Question 6.1

Created on Tue, 05/12/2015 - 19:02
Last updated on Wed, 07/15/2015 - 15:44
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The following arterial blood gas was taken from a female hospitalised for recurrent urinary tract infections. She was transferred to the ICU because of nosocomial pneumonia.

Test

Value

Normal Adult Range

Barometric Pressure

760 mmHg (100kPa)

FiO2

0.3

pH*

7.53

7.35 – 7.45

pCO2*

31 mmHg (4 kPa)

35– 45 (4.6 – 5.9)

pO2*

83 mmHg (11 kPa)

Bicarbonate

25 mmol/L

24– 32

Standard Base Excess*

3.3 mmol/L

-2.0 – +2.0

  • Comment on the acid-base status.
  • List two likely causes of the acid-base abnormality in this patient.

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College Answer

6.1 a)

Mixed respiratory and metabolic alkalosis

6.1 b)

Respiratory alkalosis from the hyperventilation due to the pneumonia.

Metabolic alkalosis from vomiting or diuretic use.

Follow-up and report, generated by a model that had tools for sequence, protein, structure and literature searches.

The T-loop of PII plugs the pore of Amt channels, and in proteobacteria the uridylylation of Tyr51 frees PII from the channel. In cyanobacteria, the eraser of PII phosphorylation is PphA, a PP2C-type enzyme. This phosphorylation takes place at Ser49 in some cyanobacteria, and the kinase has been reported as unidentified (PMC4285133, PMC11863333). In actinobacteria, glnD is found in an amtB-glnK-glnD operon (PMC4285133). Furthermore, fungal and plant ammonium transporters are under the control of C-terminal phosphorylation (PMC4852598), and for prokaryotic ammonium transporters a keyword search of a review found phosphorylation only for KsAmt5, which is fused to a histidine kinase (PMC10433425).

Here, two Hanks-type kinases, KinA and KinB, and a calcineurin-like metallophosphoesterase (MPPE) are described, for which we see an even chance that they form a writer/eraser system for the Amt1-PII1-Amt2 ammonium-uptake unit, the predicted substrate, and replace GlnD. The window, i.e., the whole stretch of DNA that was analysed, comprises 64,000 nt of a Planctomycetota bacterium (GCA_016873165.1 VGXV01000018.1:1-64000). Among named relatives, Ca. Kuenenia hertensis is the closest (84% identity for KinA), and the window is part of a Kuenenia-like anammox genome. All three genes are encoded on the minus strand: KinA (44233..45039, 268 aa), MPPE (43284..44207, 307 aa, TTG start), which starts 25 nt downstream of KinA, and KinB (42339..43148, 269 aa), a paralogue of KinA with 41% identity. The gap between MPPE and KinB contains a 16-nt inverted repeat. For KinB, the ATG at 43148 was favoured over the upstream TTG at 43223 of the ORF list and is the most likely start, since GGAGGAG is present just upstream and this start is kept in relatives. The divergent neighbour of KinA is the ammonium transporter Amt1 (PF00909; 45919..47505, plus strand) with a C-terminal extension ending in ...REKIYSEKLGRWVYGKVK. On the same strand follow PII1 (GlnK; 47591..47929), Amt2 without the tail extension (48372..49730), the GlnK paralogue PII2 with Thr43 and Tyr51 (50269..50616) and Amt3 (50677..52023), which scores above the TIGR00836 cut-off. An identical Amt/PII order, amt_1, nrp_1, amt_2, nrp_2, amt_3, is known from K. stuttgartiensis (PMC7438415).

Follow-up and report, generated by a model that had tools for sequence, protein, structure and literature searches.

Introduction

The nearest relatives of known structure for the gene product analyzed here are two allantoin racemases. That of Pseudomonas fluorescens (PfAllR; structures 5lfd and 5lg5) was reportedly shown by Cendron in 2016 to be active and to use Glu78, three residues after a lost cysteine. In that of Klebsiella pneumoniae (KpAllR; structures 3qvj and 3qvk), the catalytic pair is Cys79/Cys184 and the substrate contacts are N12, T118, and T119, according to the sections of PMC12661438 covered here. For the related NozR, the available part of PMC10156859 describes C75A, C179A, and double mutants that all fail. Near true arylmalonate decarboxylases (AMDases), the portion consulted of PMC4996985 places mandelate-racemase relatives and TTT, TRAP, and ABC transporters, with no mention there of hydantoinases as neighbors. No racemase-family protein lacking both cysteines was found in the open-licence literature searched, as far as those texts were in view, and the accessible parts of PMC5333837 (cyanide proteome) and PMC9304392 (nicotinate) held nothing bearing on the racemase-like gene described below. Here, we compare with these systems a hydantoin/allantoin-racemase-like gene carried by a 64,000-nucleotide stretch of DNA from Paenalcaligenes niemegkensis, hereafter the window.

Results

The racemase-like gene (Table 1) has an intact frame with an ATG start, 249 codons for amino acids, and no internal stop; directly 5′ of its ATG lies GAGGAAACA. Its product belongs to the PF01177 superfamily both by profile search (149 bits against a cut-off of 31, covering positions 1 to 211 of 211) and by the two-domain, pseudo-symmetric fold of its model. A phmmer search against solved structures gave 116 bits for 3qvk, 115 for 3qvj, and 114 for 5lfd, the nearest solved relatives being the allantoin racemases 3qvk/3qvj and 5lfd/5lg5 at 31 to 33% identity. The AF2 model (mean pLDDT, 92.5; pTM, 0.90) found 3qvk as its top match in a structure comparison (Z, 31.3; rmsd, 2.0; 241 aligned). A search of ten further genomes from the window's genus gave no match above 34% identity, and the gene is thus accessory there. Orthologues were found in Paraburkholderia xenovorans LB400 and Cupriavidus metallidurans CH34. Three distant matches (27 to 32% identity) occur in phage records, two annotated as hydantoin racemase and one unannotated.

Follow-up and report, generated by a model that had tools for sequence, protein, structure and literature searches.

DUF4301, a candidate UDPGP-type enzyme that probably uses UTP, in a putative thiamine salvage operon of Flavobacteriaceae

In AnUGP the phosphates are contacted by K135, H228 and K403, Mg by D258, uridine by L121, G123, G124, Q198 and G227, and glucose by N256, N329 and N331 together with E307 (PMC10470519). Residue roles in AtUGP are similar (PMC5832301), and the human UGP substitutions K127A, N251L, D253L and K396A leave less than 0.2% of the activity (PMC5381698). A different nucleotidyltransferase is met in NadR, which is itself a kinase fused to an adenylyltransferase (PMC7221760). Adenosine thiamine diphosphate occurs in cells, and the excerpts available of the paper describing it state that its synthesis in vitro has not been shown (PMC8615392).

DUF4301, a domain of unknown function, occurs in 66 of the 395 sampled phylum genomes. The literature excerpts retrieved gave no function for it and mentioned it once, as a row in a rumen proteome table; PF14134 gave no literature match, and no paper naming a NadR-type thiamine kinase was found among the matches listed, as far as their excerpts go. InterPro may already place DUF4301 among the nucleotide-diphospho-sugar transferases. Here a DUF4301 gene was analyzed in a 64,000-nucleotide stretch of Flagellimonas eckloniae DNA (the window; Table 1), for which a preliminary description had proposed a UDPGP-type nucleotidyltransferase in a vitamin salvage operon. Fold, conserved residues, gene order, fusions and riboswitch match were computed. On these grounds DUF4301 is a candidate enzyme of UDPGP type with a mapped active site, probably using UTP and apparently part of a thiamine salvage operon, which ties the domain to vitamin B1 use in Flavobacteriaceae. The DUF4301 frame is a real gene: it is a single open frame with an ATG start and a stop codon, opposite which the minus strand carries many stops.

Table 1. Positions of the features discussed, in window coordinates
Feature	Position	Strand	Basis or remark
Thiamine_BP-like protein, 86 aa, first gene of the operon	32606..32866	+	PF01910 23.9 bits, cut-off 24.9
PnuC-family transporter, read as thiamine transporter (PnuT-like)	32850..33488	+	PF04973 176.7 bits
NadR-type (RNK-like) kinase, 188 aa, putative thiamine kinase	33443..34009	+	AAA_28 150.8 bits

Discussion

Let us dissect these results systematically.

  1. The A-a gradient is high: 
    PAO2 = (0.3 × 713) - (31 × 1.25) = 175
    Thus, A-a = ( 175 - 83) = 92mmHg.
  2. There is alkalaemia
  3. The PaCO2 is contributing to the alkalosis
  4. The SBE is 3.3, suggesting a mild metabolic alkalosis
  5. There is no respiratory compensation.This disorder ends up a mixed metabolic and respiratory alkalosis whichever way you calculate it.
    The expected PaCO2 is (0.7 × 25) + 20 = 37.5mmHg, and thus there is also a respiratory alkalosis. 
    If you were to assume that the respiratory disorder is acute and the primary cause of the problem, you would calculate a 2mmol/L decrease in HCO3- for every 10mmHg drop in PaCO2. That would suggest that the expected HCO3- for this patient would be somewhere in the vicinity of 22mmol/L.

When offering a "likely diagnosis" to explain this gas, one can resort to mix-and-matching any cause of metabolic alkalosis (eg.vomiting, diuretic use) with any cause of respiratory alkalosis (eg. anxiety, pain, etc). For all we know, she maybe prone to panic attacks and has been binge-eating licorice.

References

McCurdy, Donna Kern. "Mixed metabolic and respiratory acid-base disturbances: diagnosis and treatment." CHEST Journal 62.2_Supplement (1972): 35S-44S.

Khanna, Apurv, and Neil A. Kurtzman. "Metabolic alkalosis." J NEPHROL 2006; 19 (suppl 9): S86-S96

Barker, E. S., et al. "The renal response in man to acute experimental respiratory alkalosis and acidosis." Journal of Clinical Investigation 36.4 (1957): 515.